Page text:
Group-C Group-P p-value
After premedication 90.03±7.275 90.67±5.933 0.713
After induction 86.53±8.936 83.43±6.290 0.126
After intubation (0min)
113.57±15.822 101.97±12.339 0.002 (#)
1 minute 116.63±17.553 104.77±12.414 0.004 (#)
3 minutes 98.33±11.778 89.33±12.788 0.006 (#)
5 minutes 94.23±10.037 90.07±8.026 0.081
# - p-value highly significant
Fig-12: Changes in mean blood pressure
0 20 40 60 80 100 120 140
AP AI 0MIN 1MIN 3MIN 5MIN
Ramsay sedation scale and duration of intubation:
The mean duration of laryngoscopy and intubation in Group-C was
comparable with that in Group-P. The patients in pregabalin group were
sedated with brisk response to stimulus. The mean Ramsay sedation scale
in Group-P before evaluated 1 hour after pre5gabalin administration was
higher when compared to Group-C, with high statistical significance
Table-8: RSS after 1hour, and duration of laryngoscopy and intubation
Group-C Group-P p-value
RSS (mean±SD) 2.00±0.00 3.17±0.699 0.000
Laryngoscopy (seconds) 10.10±1.989 10.10±1.749 1.000
(RSS – Ramsay sedation scale)
Visual analogue scale for pain at rest:
The mean visual analogue scale (VAS) for pain at rest evaluated at
baseline, 1hour, 4hours, 8hours of receiving patients at PACU, were
comparable between the two groups, except at 2hours, and 12hours when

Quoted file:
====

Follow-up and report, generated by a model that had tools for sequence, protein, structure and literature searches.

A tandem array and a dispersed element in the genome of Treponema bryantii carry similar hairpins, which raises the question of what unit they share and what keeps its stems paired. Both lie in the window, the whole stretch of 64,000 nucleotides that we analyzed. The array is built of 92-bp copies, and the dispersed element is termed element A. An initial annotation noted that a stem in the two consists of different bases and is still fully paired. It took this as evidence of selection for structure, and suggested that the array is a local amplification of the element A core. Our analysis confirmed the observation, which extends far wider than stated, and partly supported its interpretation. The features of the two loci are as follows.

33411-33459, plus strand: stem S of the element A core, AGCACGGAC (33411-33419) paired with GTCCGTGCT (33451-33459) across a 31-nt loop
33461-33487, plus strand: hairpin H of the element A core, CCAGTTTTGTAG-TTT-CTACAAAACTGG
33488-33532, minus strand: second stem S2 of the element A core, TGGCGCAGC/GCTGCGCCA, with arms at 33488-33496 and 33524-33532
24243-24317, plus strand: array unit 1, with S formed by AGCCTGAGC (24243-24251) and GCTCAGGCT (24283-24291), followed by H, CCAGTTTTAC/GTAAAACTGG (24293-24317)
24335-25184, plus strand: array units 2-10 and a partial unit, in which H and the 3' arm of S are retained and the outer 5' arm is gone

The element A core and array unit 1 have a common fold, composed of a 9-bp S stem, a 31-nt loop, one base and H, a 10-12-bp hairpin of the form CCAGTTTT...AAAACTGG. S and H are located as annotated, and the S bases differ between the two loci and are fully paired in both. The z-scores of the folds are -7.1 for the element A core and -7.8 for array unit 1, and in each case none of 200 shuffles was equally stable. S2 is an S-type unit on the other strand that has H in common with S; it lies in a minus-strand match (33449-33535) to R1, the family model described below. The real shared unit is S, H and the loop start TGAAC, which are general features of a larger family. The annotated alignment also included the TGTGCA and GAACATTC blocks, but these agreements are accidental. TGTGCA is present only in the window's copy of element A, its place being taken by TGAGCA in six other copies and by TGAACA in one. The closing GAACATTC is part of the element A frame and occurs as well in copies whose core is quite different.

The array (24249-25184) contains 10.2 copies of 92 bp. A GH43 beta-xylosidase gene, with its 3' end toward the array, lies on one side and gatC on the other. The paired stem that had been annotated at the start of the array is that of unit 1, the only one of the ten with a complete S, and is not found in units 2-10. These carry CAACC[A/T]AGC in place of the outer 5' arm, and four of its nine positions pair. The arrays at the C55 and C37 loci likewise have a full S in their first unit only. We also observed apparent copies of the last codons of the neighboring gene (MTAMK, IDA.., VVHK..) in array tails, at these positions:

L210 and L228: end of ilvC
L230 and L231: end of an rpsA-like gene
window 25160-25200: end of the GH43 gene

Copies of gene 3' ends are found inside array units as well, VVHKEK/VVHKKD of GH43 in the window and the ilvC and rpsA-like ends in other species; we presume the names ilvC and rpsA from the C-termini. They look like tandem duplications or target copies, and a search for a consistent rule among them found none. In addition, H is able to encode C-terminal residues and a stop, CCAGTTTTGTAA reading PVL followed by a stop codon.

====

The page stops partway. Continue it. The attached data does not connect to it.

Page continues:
Group-P had significant less VAS for pain at rest (Table-8).
Table-9: Visual analogue scale for pain at rest
VAS (mean±SD) Group-C Group-P p-value
Baseline 6.67±1.061 6.43±1.194 0.427
1 hour 3.77±1.194 3.17±1.262 0.064
2 hours 2.90±0.548 2.57±0.626 0.032
4 hours 3.47±1.279 2.90±0.995 0.060
8 hours 3.33±0.959 2.87±0.937 0.062
Post-operative sedation level:
The patients in pregabalin group were more sedated than that in control
group, especially in the first two hours of post-operative period. They
responded briskly to stimulus. The sedation level did not interfere in
evaluating the Visual analogue scale for pain. The median Ramsay
sedation scale were ………….. at baseline, 1hour, and 2hours
respectively, and the difference in sedation level was highly significant
between the groups.
Table-10: Sedation level at PACU
RSS at PACU Group-C Group-P p-value
Baseline 1.70±0.466 2.87±0.681 0.000 (#)